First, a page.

Why does aspirin increase the susceptibility of Helicobacter pylori to antimicrobials?
A research group from China investigated the mechanisms of aspirin increasing the susceptibility of Helicobacter pylori (H. pylori) to metronidazole.

Moderate alcohol intake associated with bone protection
In an epidemiological study of men and post-menopausal women primarily over 60 years of age, regular moderate alcohol intake was associated with greater bone mineral density.

'Pre-diabetics' face heightened risk of heart disease
Older adults who have impaired glucose tolerance but who are not considered diabetic are at elevated risk for heart disease and may benefit from preventive therapies, according to a new study conducted by researchers at Albert Einstein College of Medicine of Yeshiva University.

Fowl soil additive breaks down crude oil
It is an unlikely application, but researchers in China have discovered that chicken manure can be used to biodegrade crude oil in contaminated soil.

MIT student develops new innovations to selectively kill cancer cells
When it comes to solving complex problems, Geoffrey von Maltzahn, MIT graduate student and biomedical engineer, looks to nature for solutions.

TB breakthrough could lead to stronger vaccine
A breakthrough strategy to improve the effectiveness of the only tuberculosis vaccine approved for humans provided superior protection against the deadly disease in a pre-clinical test, report scientists at the University of Texas Health Science Center at Houston in Nature Medicine's Advance Online Publication March 1.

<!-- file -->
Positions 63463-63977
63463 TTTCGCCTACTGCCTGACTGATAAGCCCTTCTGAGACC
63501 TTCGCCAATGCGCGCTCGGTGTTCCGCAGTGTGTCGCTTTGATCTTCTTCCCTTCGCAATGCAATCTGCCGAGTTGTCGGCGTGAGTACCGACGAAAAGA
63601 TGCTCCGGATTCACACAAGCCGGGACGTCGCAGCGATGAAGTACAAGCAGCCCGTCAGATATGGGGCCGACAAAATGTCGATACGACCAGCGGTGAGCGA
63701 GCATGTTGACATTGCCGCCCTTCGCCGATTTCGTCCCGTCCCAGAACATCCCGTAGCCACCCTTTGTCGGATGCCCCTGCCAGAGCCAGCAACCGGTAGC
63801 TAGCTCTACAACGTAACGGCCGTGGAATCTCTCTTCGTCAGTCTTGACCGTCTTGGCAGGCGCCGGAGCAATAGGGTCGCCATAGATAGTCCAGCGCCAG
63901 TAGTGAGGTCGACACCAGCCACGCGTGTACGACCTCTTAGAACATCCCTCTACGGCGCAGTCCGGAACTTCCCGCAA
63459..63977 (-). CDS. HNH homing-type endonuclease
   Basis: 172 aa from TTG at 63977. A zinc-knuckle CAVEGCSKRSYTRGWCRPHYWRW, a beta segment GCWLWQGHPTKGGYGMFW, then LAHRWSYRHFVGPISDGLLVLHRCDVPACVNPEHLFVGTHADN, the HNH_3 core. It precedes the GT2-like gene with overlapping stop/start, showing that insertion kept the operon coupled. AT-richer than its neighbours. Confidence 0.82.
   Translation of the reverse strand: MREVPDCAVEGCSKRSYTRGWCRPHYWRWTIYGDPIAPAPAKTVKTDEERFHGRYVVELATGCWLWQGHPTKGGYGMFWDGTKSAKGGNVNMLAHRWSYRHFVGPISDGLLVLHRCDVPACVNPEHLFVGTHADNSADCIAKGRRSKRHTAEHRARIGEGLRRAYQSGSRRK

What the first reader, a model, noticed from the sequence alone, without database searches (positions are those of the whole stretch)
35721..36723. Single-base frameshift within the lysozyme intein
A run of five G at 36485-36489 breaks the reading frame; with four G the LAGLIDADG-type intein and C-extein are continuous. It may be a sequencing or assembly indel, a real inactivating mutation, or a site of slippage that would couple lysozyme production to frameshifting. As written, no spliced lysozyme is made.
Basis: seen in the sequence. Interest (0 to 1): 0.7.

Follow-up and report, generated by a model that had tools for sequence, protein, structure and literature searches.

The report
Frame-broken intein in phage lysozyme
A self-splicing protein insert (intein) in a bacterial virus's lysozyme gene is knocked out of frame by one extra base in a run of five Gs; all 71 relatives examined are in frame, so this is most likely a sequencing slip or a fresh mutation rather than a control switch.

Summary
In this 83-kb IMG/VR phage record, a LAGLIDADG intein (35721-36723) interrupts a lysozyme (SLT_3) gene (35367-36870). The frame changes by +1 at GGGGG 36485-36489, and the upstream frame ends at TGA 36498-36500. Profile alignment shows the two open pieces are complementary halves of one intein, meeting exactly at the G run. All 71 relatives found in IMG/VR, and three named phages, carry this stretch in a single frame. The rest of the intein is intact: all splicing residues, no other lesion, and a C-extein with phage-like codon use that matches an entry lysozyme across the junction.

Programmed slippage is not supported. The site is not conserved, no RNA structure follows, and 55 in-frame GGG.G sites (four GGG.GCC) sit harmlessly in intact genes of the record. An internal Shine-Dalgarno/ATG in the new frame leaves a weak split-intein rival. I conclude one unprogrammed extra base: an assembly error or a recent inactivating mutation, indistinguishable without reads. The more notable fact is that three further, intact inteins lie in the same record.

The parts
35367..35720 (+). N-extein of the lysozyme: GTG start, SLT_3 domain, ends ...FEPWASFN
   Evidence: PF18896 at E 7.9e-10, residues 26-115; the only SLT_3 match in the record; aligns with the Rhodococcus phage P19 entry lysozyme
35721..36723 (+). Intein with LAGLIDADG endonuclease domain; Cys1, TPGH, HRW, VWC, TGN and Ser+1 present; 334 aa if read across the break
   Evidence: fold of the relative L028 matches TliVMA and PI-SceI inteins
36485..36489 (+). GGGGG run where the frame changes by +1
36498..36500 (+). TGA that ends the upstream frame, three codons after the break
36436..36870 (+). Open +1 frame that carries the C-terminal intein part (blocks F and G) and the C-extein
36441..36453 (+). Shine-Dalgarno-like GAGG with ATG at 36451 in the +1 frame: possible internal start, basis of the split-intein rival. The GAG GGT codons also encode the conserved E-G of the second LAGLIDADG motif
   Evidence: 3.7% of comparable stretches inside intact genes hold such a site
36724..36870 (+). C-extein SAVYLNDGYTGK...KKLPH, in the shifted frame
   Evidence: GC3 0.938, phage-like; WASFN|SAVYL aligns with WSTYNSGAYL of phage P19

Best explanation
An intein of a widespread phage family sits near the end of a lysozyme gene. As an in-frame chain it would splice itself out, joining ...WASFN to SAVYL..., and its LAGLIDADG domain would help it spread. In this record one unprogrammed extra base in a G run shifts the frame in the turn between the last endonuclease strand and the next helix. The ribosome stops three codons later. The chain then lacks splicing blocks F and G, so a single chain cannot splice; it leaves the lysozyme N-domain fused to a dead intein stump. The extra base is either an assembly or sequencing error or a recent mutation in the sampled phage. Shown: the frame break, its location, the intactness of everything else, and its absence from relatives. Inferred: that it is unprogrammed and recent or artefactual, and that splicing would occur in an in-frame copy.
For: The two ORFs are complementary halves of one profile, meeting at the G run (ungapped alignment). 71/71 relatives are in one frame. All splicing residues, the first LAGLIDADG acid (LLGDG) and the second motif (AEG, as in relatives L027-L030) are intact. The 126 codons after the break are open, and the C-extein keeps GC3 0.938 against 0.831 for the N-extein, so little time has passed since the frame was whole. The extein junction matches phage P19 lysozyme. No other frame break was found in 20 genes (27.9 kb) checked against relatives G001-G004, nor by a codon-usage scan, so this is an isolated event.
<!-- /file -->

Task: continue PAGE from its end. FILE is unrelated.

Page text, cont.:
Nurse Practitioner Healthcare Foundation co-sponsors self-care training program
The OTC Advisor is co-sponsored by the NPHF, the American Academy of Physician Assistants and the American Pharmacists Association through an educational grant from Procter & Gamble.

Prominent climate researcher to speak at UH on global warming March 5
Warren Washington, a leading expert in climate research from NCAR, will address global warming during a presentation at University of Houston.

Male mice lacking the protein PICK1 mimic one cause of infertility in men
Globozoospermia is a rare but severe male infertility disorder. Researchers have now discovered that male mice lacking the protein PICK1 are infertile and that their condition resembles men with globozoospermia, shedding new light on this human disorder.

What you see affects what you hear
Seeing the lip and face movements as a person speaks can improve your understanding of spoken words by as much as sixfold, said researchers from Baylor College of Medicine and City College of New York in a PLoS ONE report today.

New study shows how spikes in nitrite can have a lasting impact on the heart